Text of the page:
First stop during our recent short break in York was the National Trust property next to York Racecourse and just down the road from the B and B were we were staying.
“Goddard’s” is an Arts and Crafts style house designed by the architect Walter Brierley ("the Yorkshire Lutyens") was originally the family home of Noel Goddard Terry, of the chocolate-making firm, Terry’s of York. Although purchased by the Trust in 1984 it’s been used as their regional offices, but a limited number of rooms were opened to the public earlier this year. The gardens, however, have been open to visitors since 2006.
There’s only a small car park at the property which probably means there could be difficulty parking at weekends and other busy times. Luckily we visited on a rainy day in early October before the half term holidays so there was no problem finding a space.
I think that the V&A website sums up Arts and Crafts architecture pretty well
(a) ……..defining feature of Arts and Crafts architecture was an interest in the vernacular. Architects used local materials and traditional styles to create something that would not jar with its surroundings, but at the same time distinctive and modern. Many hoped to revive traditional building and craft skills, or to design buildings that looked as if they had grown over many years.
That’s certainly true of Goddard’s. The house is constructed in red brick in a sort of “mock Tudor” style, particularly with it’s tall chimneys.
Hand made bricks were used laid using the traditional “English Bond” , with alternate courses of stretchers and headers.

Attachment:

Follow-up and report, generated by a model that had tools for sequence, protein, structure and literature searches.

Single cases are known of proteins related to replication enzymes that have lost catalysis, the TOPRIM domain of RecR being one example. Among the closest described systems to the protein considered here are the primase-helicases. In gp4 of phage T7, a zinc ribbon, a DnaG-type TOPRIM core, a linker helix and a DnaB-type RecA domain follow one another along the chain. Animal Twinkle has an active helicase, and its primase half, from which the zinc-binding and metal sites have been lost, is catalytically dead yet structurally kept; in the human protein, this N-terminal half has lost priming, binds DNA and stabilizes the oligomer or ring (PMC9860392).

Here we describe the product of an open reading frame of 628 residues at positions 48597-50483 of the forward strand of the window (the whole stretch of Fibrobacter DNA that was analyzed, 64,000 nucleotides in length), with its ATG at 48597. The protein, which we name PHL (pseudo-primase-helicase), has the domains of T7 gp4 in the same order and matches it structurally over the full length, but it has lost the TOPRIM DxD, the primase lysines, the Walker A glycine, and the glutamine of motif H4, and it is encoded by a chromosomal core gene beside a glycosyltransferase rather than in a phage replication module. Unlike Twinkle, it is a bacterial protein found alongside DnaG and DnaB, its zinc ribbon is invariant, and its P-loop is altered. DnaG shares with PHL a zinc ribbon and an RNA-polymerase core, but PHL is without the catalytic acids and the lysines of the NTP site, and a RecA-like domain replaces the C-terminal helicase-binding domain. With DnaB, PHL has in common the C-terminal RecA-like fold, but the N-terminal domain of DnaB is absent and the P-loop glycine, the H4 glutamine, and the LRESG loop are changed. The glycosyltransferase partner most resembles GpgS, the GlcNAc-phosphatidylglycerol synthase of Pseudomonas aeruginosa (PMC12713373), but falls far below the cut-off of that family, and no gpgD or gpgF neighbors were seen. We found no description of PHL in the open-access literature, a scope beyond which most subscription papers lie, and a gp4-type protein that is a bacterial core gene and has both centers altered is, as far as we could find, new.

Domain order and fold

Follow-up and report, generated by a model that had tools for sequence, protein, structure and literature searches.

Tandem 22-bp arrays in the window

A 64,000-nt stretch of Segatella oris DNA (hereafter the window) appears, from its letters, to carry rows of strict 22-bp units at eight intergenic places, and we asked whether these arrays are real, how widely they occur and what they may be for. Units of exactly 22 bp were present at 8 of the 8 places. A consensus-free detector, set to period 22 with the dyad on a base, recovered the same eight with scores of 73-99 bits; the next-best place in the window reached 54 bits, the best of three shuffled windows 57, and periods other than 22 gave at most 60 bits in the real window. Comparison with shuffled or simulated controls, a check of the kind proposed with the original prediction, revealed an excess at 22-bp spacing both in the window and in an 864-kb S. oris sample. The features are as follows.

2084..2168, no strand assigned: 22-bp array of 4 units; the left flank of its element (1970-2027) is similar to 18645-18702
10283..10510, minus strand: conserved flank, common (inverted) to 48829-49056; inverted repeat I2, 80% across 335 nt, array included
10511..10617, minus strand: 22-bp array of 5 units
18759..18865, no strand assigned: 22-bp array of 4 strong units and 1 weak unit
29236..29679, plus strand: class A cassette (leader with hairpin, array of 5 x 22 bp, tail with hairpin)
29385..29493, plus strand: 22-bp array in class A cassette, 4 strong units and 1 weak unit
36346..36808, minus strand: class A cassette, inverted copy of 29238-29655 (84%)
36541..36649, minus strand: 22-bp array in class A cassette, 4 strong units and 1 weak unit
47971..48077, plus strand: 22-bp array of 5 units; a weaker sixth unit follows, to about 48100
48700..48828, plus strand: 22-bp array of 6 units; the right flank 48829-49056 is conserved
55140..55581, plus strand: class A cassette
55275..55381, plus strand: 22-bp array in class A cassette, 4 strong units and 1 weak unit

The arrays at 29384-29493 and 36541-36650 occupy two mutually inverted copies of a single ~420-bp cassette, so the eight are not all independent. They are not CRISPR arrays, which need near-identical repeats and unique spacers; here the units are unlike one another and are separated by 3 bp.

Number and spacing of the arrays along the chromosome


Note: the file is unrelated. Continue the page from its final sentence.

The front entrance is in a projecting bay with a Gothic style doorway and first floor bay window. Personally I didn’t think this worked; it jarred with the overall look of the house.
Moving inside, although most of the building is still used as offices for the Trust, a number of the rooms have been opened up and furnished to reflect the 1930s style of the prosperous York family. This isn’t how they would have originally looked. The owner was a fan of Georgian style furniture. Today the original furnishings are owned by York Civic trust and are now used to furnish Fairfax House in the city centre. Other rooms house exhibitions providing context about life in York between the wars.
I particularly liked the carved wood panels and staircase. Alas, I didn’t take any photographs inside (not sure whether they were allowed but the corridors were quite dark and I’m not certain photos taken using my basic compact camera would have come out well). I did take plenty of photos of the outside and the four acres of gardens, designed by George Dillistone.
The garden was actually broken up into a series of smaller areas, separated by hedges. So it was bigger than it first appeared. Originally there was a bowling green and tennis courts. Today these are lawned areas.
I guess we wouldn’t have seen the garden at it’s best – our visit took place after the glories of summer but before the colours of autumn appeared. Nevertheless there was still colourful plants in bloom.
Exploring, we almost stumbled on semi-hidden paths
one which led to a pleasant water garden with a definite Japanese influence – Japanese gardens were fashionable at the time.
There was an exhibition of metal animal sculptures by Andrew Kay in the grounds. A couple of the exhibits can be seen in the photos above. But I think they deserve their own post.